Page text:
During the postwar years, the members of the Astrauskas family were exiled to Siberia, where they suffered for eleven years. After returning to Lithuania, they found their homestead destroyed and their parents dead. As 1971 was ending, they erected a monument for them in the Palanga Cemetery. Next to their parents' grave the Astrauskases reserved two places for themselves, inscribing on the monument their birth dates. A talented artist designed the expensive monument. The monument failed to please only the Palanga city administration since its design reminded them of their deeds: the artistic bronze statue of Christ which had been overturned in the city park by a tractor and handed over to a scrap heap, the two destroyed statues of Mary on the Hill of Birutė, etc. On the Astrauskases' monument were depicted broken crosses and a Lithuanian girl with clasped hands praying: "Save us, O Lord!"

Sofija Astrauskienė was informed in writing that according to a decision reached on April 13, 1972, by the Palanga Executive Committee, the Municipal Works Department was charged with demolishing the monument. The woman appealed to the Palanga Executive Committee, to the police, but she was told there that the monument was designed improperly, that the words "Save us, O Lord" had to be struck off, that her and her husband's inscriptions had to be eliminated. Astrauskienė disagreed:

"The proper place for a monument without the name of God is only beside a tavern and not in a cemetery. I am a Catholic. I live and will die with the name of the Lord. If you're atheists and don't believe in God, why do you fear His name?"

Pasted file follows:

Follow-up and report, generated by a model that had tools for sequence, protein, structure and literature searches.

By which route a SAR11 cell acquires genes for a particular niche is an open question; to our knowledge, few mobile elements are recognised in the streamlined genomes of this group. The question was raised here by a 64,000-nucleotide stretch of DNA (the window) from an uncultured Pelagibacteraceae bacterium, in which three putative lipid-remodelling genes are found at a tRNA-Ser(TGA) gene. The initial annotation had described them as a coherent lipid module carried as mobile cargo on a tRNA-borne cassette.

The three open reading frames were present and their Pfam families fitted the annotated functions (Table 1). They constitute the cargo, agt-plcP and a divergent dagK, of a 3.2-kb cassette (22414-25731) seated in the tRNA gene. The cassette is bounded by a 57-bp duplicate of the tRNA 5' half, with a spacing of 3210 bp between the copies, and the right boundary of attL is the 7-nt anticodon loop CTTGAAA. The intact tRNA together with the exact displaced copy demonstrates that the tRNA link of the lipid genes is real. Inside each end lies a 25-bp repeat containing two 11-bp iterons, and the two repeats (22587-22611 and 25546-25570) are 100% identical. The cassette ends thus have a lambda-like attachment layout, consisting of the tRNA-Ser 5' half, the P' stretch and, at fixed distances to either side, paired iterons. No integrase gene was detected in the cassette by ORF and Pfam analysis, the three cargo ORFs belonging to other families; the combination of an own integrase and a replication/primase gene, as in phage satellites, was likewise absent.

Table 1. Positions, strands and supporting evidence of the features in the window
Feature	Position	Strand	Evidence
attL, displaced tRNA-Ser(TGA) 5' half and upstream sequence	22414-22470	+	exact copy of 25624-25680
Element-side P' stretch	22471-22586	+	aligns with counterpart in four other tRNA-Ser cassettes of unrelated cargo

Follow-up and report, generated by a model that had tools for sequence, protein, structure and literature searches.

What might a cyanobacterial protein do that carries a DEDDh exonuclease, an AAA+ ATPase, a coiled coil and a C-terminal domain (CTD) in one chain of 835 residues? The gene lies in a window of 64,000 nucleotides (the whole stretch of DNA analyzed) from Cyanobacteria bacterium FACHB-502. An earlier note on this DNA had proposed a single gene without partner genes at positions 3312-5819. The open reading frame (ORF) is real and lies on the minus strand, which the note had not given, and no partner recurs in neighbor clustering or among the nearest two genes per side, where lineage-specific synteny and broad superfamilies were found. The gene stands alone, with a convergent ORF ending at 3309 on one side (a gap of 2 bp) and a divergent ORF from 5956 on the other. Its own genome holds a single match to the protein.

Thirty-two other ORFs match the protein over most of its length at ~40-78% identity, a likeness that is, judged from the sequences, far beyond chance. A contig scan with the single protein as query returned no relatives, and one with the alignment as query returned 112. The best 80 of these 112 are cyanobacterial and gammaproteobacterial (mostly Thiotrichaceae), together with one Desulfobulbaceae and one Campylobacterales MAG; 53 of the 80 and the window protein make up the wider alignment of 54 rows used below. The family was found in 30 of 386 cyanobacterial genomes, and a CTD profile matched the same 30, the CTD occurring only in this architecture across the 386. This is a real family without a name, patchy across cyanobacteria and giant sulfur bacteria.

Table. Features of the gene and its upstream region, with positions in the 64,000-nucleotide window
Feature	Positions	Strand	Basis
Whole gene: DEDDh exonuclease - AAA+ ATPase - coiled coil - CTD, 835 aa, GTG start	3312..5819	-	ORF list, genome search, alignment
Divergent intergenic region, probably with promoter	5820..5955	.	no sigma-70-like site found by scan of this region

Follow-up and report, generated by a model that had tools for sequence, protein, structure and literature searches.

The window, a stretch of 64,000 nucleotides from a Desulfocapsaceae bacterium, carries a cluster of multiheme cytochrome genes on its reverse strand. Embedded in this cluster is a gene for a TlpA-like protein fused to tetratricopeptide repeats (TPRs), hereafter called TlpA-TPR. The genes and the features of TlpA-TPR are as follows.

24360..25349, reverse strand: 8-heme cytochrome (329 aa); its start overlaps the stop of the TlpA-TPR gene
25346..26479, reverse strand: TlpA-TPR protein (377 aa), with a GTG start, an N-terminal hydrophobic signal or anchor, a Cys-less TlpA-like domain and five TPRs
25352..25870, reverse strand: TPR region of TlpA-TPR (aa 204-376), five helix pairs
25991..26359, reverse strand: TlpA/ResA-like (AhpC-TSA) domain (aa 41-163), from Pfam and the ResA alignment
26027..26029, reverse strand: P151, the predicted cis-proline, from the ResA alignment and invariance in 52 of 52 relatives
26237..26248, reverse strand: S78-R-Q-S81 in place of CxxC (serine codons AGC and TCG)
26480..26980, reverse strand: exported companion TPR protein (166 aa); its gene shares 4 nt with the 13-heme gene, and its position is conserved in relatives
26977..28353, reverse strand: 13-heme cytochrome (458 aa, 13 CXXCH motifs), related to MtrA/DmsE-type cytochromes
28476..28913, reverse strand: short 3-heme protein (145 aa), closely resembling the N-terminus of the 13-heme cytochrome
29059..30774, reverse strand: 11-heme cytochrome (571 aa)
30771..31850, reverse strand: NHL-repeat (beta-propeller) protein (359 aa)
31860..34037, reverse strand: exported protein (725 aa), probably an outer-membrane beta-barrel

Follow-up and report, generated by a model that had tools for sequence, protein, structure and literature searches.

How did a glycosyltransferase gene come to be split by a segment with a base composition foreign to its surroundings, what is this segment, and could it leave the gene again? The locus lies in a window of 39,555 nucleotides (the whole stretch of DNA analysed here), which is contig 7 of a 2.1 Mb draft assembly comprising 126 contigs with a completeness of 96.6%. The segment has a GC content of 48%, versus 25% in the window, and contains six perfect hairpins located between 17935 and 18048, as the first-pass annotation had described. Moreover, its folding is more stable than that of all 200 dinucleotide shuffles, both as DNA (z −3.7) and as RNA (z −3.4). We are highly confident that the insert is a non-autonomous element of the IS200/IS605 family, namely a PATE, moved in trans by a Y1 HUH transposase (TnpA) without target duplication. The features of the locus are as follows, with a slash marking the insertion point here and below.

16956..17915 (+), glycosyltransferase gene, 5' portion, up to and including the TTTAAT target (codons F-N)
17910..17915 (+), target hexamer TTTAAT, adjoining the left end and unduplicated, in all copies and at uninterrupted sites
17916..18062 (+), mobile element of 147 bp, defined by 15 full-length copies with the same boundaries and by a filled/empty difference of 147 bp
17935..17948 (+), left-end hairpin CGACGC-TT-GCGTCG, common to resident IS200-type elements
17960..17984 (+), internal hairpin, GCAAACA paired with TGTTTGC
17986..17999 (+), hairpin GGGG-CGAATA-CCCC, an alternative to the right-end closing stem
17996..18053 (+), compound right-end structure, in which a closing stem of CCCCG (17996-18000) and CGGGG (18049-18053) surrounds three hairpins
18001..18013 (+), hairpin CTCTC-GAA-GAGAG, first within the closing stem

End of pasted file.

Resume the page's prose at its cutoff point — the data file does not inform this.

"That inscription is anti-Soviet," the officials upbraided her. "All you would have to add is: 'Save us, Lord, from the Communists!' Change the inscription, or we'll tear down the monument!"

Astrauskienė wrote a complaint to the Council of Ministers of the LSSR, which referred it to the Ministry of Communal Farms, but the latter remained silent. The Council of Ministers of the LSSR replied negatively to a repeated complaint. Then Astrauskienė appealed to the Council of Ministers of the USSR but obtained from them merely a postal receipt, to the effect that the complaint had been received.

On October n Astrauskienė learned that government officials had gone to the cemetery to demolish her monument. When she arrived at the cemetery, she found there officials from the Palanga Executive Committee and many policemen and security agents. Workers had been brought here forcibly from construction sites and ordered to tear down the monument. Many of the younger workers resisted:

"We won't do this kind of work—tear it down yourselves!"

"If you won't tear it down, we'll dismiss you from work," threatened one official.

"We'll find a better job," retorted the workers and began to disperse.

Astrauskienė resolved to defend the monument. She stepped in front of it declaring: "As long as I'm alive you won't tear it down. Shoot me first."

"You're under arrest. Get away from the monument!"

Four secret policemen forcibly dragged Astrauskienė away from the monument, shoved her into a police car, striking her head severely in the process, and took her away to their headquarters, where Astrauskienė fainted. Only after a physician pronounced Astrauskienė to be in poor health, did the police allow her to return home.

The monument was pulled down using a tractor and taken away.